Ahhhh, back to school. The only three letter phrase delivering more dread to my soul might be “Beach is closed.” As much I love summer, the sadness I feel bidding adieu to strappy sandals and the blessed shore has more to do with the fact that soon I’ll be running through the house at 7 a.m. like a rabid cheetah, violating every motor vehicle law speeding the kids to school after forgetting their water bottles and nearly choking on pancake parts. Seriously. For less organized, frazzled mothers like myself, it’s all out madness.
I fully realize it doesn’t have to be this way. Thanks to the pain of social media, I see the parents out there managing to send their children off with heads full ‘o French braids and consistently matching socks. These are the same parents Instagramming their first day of school experiences with chalk board art indicating the grades each offspring is entering and what they aspire to be when they’re older. I just have to know, what time are these children waking up in the morning? I literally have to piggyback my nine year-old down from his top bunk like an underpaid sherpa, and practically water board them awake just in time to eat an Eggo and look non-homeless in 20 minutes.
So with these frightful memories fresh in the mind from last school year, I usually start out every fall determined to do things better-ya know, less bus chasing and more hair combing-but my resolve usually fades by mid-October, when the first kid boards the bus with his brother’s lunch (okay no lunch) or an inside out shirt.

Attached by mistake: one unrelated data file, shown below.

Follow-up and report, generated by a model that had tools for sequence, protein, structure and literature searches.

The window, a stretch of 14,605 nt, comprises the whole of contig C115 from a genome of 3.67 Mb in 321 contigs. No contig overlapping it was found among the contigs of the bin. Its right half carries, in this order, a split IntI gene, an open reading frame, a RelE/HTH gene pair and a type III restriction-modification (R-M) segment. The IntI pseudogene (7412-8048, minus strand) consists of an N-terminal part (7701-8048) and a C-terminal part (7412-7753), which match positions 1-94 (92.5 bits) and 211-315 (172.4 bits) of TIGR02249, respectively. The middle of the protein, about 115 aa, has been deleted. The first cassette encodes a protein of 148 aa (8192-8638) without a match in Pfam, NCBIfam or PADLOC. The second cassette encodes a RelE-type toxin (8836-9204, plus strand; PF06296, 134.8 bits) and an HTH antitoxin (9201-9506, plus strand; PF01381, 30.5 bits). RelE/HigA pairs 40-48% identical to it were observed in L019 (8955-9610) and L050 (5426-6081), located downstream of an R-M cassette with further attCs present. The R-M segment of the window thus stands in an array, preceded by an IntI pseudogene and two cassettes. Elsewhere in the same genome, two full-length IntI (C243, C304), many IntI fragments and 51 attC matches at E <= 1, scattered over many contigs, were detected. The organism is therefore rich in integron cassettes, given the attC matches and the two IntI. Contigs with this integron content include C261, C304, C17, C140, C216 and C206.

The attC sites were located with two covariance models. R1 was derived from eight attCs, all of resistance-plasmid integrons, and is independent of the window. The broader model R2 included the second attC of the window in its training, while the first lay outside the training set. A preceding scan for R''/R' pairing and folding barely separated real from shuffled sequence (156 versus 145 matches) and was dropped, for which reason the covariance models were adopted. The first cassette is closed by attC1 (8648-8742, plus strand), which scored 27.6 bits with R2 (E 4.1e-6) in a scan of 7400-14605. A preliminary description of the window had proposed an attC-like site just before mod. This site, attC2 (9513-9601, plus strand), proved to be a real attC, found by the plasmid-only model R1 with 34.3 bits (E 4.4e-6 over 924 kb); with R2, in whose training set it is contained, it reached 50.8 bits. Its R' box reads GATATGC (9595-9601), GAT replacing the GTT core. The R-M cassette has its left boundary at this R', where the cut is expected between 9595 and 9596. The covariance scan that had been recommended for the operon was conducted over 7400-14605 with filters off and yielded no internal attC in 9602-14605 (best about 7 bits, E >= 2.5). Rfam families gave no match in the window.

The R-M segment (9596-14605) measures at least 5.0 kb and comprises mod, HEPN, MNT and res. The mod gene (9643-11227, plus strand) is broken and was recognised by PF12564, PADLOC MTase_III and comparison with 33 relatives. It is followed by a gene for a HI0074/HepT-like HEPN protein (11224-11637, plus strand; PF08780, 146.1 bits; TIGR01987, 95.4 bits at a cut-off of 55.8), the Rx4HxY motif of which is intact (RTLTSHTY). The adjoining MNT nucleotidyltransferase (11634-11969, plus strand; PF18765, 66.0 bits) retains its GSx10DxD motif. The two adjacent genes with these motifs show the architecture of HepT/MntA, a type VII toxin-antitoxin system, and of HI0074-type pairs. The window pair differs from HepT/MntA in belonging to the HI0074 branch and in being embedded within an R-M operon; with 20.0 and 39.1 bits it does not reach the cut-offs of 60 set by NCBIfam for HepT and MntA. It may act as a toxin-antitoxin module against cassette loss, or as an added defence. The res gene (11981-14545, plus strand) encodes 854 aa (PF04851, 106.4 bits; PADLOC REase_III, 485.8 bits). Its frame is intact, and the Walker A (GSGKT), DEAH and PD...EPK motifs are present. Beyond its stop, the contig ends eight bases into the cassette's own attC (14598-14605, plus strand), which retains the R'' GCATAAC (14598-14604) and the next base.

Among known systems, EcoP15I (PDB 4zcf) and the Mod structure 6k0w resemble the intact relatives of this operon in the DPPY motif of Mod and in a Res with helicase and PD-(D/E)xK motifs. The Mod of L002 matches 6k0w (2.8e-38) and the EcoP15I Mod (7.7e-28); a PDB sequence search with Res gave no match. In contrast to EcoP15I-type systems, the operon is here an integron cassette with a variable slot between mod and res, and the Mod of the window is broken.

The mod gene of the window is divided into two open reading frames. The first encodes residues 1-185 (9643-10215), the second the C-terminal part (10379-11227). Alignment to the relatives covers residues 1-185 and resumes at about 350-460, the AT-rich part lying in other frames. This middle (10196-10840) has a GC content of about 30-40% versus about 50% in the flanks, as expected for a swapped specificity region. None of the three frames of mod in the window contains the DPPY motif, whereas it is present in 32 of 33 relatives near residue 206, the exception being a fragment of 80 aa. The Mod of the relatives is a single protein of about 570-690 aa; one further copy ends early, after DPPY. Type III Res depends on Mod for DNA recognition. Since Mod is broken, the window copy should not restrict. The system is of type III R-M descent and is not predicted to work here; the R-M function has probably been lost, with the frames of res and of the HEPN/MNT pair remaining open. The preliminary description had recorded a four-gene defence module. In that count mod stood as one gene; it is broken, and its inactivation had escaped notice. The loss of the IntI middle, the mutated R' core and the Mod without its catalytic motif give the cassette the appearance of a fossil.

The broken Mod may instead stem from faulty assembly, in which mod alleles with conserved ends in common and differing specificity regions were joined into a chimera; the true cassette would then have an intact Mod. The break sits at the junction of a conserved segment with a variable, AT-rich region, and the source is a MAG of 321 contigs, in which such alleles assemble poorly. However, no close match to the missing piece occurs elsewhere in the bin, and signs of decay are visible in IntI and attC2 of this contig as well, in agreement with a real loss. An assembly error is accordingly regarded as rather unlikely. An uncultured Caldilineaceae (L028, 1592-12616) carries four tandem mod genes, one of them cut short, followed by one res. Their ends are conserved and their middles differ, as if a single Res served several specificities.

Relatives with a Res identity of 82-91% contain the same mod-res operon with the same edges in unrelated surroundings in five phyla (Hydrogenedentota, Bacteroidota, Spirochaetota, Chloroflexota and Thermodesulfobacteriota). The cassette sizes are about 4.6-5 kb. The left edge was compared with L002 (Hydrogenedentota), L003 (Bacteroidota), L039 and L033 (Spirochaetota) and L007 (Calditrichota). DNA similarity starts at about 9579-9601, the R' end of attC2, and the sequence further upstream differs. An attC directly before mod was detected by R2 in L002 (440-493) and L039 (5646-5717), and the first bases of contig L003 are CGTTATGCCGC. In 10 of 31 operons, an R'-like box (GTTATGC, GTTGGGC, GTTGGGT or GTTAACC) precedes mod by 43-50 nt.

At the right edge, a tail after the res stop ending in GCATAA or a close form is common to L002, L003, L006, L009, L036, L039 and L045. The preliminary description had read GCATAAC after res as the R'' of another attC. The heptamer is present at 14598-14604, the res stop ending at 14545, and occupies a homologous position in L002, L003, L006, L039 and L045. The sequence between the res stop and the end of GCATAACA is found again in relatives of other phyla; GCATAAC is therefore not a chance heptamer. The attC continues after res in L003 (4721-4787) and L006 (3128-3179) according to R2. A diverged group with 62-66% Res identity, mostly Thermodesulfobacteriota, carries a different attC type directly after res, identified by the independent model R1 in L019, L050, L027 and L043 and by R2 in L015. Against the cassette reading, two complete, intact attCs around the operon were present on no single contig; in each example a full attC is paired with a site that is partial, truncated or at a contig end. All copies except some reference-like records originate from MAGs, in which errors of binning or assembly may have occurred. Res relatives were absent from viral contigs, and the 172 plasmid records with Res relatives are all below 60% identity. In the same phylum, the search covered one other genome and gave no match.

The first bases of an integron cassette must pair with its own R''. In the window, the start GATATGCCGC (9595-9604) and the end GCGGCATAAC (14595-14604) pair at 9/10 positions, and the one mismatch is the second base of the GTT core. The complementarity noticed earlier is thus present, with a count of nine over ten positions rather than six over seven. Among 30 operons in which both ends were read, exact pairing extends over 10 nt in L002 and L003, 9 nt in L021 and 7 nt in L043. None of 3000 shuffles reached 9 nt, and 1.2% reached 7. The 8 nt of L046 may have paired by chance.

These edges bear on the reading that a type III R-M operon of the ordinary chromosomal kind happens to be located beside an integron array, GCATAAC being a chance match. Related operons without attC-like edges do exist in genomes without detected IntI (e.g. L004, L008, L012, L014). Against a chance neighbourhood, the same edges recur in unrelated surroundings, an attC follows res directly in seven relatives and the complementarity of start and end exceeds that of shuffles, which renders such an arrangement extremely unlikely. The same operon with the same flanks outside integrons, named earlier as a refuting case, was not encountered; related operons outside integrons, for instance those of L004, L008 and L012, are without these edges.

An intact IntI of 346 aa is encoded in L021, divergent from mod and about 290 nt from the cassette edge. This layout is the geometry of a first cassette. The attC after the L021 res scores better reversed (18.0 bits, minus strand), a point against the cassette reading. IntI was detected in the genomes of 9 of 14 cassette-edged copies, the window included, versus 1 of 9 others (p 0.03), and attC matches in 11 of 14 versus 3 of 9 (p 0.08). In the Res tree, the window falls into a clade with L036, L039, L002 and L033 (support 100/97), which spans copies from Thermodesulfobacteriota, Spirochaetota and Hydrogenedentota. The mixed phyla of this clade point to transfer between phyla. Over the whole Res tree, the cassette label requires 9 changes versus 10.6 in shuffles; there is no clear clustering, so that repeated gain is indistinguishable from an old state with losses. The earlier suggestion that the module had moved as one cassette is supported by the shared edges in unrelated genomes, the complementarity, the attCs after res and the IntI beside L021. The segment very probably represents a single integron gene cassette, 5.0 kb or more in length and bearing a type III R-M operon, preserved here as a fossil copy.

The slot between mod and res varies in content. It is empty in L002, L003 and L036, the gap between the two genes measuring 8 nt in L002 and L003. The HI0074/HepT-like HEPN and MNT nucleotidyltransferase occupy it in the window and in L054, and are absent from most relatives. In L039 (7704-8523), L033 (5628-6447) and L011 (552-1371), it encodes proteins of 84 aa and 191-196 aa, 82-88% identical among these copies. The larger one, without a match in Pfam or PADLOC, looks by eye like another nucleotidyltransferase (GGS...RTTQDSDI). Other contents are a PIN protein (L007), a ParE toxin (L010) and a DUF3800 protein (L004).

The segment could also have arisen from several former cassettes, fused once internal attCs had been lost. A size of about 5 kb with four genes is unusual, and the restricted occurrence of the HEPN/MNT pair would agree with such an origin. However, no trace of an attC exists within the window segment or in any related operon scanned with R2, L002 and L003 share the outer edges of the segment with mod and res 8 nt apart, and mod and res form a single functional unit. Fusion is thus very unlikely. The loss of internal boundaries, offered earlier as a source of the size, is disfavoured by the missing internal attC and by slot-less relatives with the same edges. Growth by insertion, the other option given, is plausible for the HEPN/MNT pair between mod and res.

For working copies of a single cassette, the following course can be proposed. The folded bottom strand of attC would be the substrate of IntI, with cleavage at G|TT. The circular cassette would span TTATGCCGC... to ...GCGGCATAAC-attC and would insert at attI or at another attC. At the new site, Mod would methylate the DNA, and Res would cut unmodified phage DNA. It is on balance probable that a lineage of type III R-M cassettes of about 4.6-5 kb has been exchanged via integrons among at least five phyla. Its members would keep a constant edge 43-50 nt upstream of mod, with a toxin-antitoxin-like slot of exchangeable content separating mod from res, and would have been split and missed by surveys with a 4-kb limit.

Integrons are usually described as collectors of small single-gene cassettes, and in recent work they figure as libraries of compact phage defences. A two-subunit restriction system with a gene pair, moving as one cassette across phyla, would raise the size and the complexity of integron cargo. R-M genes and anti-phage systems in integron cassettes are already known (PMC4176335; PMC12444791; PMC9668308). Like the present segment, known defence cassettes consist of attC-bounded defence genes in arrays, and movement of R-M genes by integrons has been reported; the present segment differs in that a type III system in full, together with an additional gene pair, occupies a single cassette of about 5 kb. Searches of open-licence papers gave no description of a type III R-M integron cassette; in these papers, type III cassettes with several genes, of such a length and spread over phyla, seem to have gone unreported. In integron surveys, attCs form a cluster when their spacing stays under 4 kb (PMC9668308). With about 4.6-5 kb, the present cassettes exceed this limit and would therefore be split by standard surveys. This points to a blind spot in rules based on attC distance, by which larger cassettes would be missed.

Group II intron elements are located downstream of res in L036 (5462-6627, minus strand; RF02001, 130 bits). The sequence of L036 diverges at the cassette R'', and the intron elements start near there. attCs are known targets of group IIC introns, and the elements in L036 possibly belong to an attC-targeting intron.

So this year I’ve made a list. I’m shootin’ for 4 outta 5. Here goes:
I am going to buy thirty-no forty pairs of socks before school starts
Which will most likely cost the equivalent of a week’s worth of groceries, but will hopefully save my children from running to the bus stop with one turquoise, one navy sock in the lucid echo of their mother yelling “they’re all in the blue family, guys, now RUN!” There is a Bermuda triangle effect responsible for the complete disappearance of socks between their bedrooms and the dryer, and it’s not pretty. I’ve stood over the sock drawer many a morning, talking myself down from a breakdown after sifting through 53 individual socks three minutes before the bus comes, and I’ve decided this year the insanity will end. I would truly rather spend $150 on footwear than be caught screaming “FOR ALL THAT IS GOOD AND HOLY FOLD YOUR SOCKS TOGETHER!” even one more morning in this life. Re: grocery bill. It’s time for a good fast, anyways.
I am going to have everything ready the night before
I actually think I heard the sound of friends’ laughter as I typed this sentence. But I’m doin’ it, people. If a sociopathic butt-grabber can win the electoral vote, and elephants can create self-portraits, then I can absolutely iron two outfits (teenager finally dressing himself, praise ‘em!) have lunches made and water bottles filled, and stuff homework in the correct folders the night before. Because we all know it only takes is one AWOL permission slip or an undue lack of ice cream change to throw a school morning off its hinges. The problem is, this inner anarchist seems to surface after 10 p.m., where even if clothes are still in the dryer or I rightly know the boys’ sneakers are still outside, I will simply not perform one more domestic duty. I’ve made guacamole and watched an entire show knowing full well Eli’s school library book is still lost or we’re out of juice boxes, and not an eye has batted. I would really like to woman-up this year and end this nightly procrastination to avoid the morning panic attacks that always ensue. Prayers appreciated.